Department of Anthropology and Archaeology
Social and cultural anthropologists study different societies and cultures around the world and examine such fundamental challenges as indigeneity, racism, migration, gender, development, globalization, nationalism, war, and terrorism. The ethnographic approach allows critical insights into how people actually live, how they negotiate the challenges they face, and how global issues have implications for their local, every day lives. Students seek to understand and explain particular human social and cultural phenomena by being placed within a wider comparative context. The program adopts a cross-cultural perspective on human behaviour and social organization and emphasizes links with sociology, political science, history and economics.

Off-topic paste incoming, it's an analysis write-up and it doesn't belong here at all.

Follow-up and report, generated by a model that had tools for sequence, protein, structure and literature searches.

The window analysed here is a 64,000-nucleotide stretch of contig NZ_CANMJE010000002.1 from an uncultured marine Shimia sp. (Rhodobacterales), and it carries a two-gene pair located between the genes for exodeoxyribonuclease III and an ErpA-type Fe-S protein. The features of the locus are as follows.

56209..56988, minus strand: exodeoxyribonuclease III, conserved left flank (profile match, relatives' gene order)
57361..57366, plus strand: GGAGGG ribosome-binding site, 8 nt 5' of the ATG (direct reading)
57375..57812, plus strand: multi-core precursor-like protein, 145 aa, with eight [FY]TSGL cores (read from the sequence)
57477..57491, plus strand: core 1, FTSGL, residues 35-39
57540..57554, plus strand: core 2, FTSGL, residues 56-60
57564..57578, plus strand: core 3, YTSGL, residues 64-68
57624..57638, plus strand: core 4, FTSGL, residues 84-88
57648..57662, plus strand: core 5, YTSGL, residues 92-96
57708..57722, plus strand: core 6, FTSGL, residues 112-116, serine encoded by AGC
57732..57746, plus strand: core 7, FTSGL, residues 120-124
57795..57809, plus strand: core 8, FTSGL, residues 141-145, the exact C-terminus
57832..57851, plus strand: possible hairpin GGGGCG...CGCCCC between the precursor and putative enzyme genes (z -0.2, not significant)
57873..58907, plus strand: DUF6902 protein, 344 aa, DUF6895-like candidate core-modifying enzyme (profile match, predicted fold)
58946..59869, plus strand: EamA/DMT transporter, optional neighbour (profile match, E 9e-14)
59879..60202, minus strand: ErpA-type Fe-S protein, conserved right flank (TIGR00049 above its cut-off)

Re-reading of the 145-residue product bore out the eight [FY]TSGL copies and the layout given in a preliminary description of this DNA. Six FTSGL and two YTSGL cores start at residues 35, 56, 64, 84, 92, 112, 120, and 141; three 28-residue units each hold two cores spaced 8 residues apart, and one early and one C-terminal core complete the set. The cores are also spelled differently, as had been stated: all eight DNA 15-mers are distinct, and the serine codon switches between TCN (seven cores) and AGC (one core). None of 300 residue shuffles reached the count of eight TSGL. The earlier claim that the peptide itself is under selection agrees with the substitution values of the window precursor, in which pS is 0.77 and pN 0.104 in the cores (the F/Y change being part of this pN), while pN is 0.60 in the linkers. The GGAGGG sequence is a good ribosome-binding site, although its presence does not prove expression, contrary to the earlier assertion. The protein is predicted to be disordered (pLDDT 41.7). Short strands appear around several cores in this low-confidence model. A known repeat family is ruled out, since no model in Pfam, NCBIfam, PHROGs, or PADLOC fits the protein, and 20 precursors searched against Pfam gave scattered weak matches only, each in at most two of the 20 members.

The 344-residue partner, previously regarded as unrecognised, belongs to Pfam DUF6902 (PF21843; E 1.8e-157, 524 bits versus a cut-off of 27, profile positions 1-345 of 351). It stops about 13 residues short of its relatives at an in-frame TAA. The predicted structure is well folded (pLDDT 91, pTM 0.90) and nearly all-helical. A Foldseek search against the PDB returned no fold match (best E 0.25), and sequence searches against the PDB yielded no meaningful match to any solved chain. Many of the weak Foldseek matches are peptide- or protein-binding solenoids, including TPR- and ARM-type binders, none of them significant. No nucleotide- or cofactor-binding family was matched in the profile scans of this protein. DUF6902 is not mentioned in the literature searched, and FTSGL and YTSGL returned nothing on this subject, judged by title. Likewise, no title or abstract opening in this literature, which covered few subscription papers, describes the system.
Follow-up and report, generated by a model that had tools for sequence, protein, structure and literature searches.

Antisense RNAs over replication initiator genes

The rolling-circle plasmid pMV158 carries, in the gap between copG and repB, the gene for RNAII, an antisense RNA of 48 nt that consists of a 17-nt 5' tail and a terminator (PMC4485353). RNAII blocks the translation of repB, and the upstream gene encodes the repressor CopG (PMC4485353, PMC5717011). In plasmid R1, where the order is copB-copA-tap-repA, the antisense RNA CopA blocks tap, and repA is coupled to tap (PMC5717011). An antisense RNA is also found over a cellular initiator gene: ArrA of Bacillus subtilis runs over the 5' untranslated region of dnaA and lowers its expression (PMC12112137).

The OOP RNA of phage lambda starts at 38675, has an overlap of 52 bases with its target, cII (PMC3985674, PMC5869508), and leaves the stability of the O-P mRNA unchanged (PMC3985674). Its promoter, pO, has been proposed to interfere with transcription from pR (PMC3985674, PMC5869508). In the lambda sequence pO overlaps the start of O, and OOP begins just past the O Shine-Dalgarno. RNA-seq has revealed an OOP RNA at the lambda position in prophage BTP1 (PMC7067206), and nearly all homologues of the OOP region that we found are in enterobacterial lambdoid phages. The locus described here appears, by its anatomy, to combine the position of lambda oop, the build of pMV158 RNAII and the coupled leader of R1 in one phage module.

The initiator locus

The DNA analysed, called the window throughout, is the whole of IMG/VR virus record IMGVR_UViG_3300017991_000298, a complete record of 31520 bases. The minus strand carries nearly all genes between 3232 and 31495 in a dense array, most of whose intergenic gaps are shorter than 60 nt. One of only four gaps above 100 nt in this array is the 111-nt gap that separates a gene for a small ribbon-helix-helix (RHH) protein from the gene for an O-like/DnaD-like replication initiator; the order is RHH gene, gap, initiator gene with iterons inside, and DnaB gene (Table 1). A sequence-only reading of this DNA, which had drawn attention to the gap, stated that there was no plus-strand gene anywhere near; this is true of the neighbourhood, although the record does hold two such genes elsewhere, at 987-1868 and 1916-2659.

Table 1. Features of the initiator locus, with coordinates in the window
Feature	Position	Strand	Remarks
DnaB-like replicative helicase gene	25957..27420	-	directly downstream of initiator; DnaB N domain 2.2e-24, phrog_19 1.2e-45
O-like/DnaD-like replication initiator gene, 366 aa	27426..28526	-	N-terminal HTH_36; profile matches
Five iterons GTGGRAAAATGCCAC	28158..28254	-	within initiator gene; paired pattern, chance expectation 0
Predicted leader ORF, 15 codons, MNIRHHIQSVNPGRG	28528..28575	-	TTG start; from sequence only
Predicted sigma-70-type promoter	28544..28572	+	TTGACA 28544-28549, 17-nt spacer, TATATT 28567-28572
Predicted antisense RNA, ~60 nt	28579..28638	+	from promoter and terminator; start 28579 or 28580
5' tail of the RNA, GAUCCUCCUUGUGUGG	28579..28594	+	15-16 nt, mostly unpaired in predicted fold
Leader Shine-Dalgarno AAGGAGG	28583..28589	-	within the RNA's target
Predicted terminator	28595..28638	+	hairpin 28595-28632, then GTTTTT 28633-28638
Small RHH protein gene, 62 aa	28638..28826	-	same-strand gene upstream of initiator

Our department offers a rigorous and comprehensive training and research program for undergraduates and graduates alike. Through field schools and faculty-driven or independent projects, students are encouraged to engage in research and gain valuable experiences outside of the classroom setting. We practice a methodology that includes long-term field research to enhance understanding of our own culture and of cultures and worldviews different from our own. Our faculty members have strengths in issues related to resource extraction, military, medical, economic, urban, business and political anthropology.
Field schools are a great way to gain hands-on experience and see your degree in action. Students considering this option must consult with the undergraduate advisor before enrolling. Field schools offered by other institutions can sometimes be credited towards a program in anthropology > Learn more
Graduates from the Bachelor of Arts program have worked as community development officers, cultural artifacts specialists, museum education directors, and government policy analysts, among other careers.
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